In the Appalachians, Great Lakes and Northweest Pacific of North America, the temperate and boreal regions, as of most continents, sharing this lichen. Status: e/B; c/NA

Found on old forest trees, especially the oak and maple; sometimes on rocks.

Plant foliaceous, large, thickish, wide-spreading and branching, olive green and flabby when wet; yellowish brown and stiff when dry; upper surface with large network of branching, taut, veinlike ridges, enclosing deep depressions, the veins often strung along with pale, bead-like granules (soredia), veining finer and closer and more yellow at lobe-ends; lobes broad, elongated, branching, sinuous, with wide, rounded indentations, the axils of the branches often forming wide, circular openings through plants; lobes ending abruptly, square-cut, with rounded, shallow notches; underside of plant deep ochre colour and downy, with hump-like swellings corresponding to depressions on upper side, lighter and less downy over the humps; when fertile, fruits usually on margins of upper side, at first closed, then open, discs brown with lighter rims.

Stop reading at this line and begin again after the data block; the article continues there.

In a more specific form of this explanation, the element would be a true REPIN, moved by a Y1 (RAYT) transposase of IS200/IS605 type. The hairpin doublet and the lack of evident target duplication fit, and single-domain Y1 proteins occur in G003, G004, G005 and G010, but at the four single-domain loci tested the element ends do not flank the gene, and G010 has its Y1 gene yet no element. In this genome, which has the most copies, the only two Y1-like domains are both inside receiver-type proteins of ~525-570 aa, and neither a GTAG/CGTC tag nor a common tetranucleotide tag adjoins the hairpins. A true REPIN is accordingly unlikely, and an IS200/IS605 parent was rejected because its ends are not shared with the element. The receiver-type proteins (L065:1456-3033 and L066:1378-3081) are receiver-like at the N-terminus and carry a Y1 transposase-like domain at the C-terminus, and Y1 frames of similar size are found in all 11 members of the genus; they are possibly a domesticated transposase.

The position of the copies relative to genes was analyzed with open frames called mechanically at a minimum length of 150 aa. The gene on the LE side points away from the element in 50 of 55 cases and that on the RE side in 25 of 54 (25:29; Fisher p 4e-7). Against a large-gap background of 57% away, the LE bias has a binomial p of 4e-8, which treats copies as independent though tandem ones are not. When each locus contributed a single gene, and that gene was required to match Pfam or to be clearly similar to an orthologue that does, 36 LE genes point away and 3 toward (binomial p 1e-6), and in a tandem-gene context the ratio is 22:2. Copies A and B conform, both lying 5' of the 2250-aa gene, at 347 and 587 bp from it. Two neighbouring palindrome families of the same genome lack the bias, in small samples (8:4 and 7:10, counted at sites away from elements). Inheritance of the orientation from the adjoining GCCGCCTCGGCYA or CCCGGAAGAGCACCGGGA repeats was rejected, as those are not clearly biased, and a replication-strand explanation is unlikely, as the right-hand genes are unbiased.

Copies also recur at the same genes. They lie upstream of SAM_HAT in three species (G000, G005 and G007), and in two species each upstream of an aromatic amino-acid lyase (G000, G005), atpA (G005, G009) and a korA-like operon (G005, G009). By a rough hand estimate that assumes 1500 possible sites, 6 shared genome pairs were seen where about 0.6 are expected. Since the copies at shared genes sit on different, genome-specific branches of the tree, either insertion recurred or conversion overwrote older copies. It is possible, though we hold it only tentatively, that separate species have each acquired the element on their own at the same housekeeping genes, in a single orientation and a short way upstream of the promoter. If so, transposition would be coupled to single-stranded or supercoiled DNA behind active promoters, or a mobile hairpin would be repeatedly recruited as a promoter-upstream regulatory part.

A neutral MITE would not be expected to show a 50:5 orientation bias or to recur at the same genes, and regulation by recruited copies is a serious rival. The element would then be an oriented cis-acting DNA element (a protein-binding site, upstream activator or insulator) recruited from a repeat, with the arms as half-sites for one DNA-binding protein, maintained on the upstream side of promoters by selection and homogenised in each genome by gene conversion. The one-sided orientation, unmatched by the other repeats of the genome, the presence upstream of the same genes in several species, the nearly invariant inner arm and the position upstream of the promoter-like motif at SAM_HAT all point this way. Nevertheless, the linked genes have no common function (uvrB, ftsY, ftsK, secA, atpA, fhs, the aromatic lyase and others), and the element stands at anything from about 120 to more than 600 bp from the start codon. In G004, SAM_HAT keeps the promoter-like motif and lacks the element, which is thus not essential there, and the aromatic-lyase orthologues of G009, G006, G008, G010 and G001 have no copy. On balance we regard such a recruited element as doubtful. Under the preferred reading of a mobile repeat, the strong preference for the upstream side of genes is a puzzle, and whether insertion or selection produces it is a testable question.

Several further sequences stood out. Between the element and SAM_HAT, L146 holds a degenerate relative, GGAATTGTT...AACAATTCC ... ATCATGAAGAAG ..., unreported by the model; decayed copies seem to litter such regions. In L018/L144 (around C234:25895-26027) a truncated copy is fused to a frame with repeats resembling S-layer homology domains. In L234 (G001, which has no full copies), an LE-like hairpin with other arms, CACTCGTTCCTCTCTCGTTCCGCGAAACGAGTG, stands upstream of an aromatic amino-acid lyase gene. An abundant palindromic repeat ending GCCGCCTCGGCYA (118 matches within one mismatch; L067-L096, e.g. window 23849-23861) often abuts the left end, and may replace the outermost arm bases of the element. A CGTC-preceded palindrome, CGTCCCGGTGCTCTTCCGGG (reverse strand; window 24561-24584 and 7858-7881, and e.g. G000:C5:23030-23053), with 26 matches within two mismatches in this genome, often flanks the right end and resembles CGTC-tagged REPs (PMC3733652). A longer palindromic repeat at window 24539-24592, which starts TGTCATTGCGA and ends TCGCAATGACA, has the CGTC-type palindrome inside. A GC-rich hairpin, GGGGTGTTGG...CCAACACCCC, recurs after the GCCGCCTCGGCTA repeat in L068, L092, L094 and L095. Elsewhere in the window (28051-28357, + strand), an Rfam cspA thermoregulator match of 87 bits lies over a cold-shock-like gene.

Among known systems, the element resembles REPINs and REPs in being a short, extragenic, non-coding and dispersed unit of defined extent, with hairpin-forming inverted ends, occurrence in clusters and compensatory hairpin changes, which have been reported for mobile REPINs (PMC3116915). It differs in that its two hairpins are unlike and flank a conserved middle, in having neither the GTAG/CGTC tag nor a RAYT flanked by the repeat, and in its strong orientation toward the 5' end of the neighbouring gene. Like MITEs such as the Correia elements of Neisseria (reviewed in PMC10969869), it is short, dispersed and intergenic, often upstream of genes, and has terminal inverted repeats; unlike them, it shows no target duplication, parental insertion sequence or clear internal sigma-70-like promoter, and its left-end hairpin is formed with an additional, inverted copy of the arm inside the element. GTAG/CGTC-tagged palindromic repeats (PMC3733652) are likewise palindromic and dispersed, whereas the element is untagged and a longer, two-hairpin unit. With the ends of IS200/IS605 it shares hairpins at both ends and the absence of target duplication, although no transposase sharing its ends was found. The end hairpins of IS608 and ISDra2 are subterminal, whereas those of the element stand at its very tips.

L. Pulmonaria is easily seen when dry, being then of a yellowish-brown colour, which shows up against a mossy tree trunk. The plant seems to favour the oak, although it can be found on maple and beech, near streams and rivers, and it grows on the southern side of trees.

Old, rather ragged plants, with much granular out-growths (soredia), can look very like torn black rags that have gone green with age.

The Herefordshire country people used to dye their woollen stocking brown with this lichen. It was also used in the Lowlands of Scotland, under the name of Crottle, and in Northern Ireland, - where it is called Hazel-rag - for a yellow dye.

L. pulmonaria will dye a good auburn and rusty brown colour on wool with boiling water.

(L.) Ach (capere, to wrinkle)
Stone crottle, or Arcel (Ireland)
See PLATE III and details on PLATE I

Found in temperate forest areas, mostly on Red Oaks, to a lesser degree on White Oaks, and on sandstones. In North America, common on old trees. Also known as Parmelia baltimorensis. The lichen Parmelia manshurica is said to resemble P. caperata. It contains the same acid and will most like give a good yellow also. Status: e/B; c/NA

Found on trunks of old trees, palings and boulders.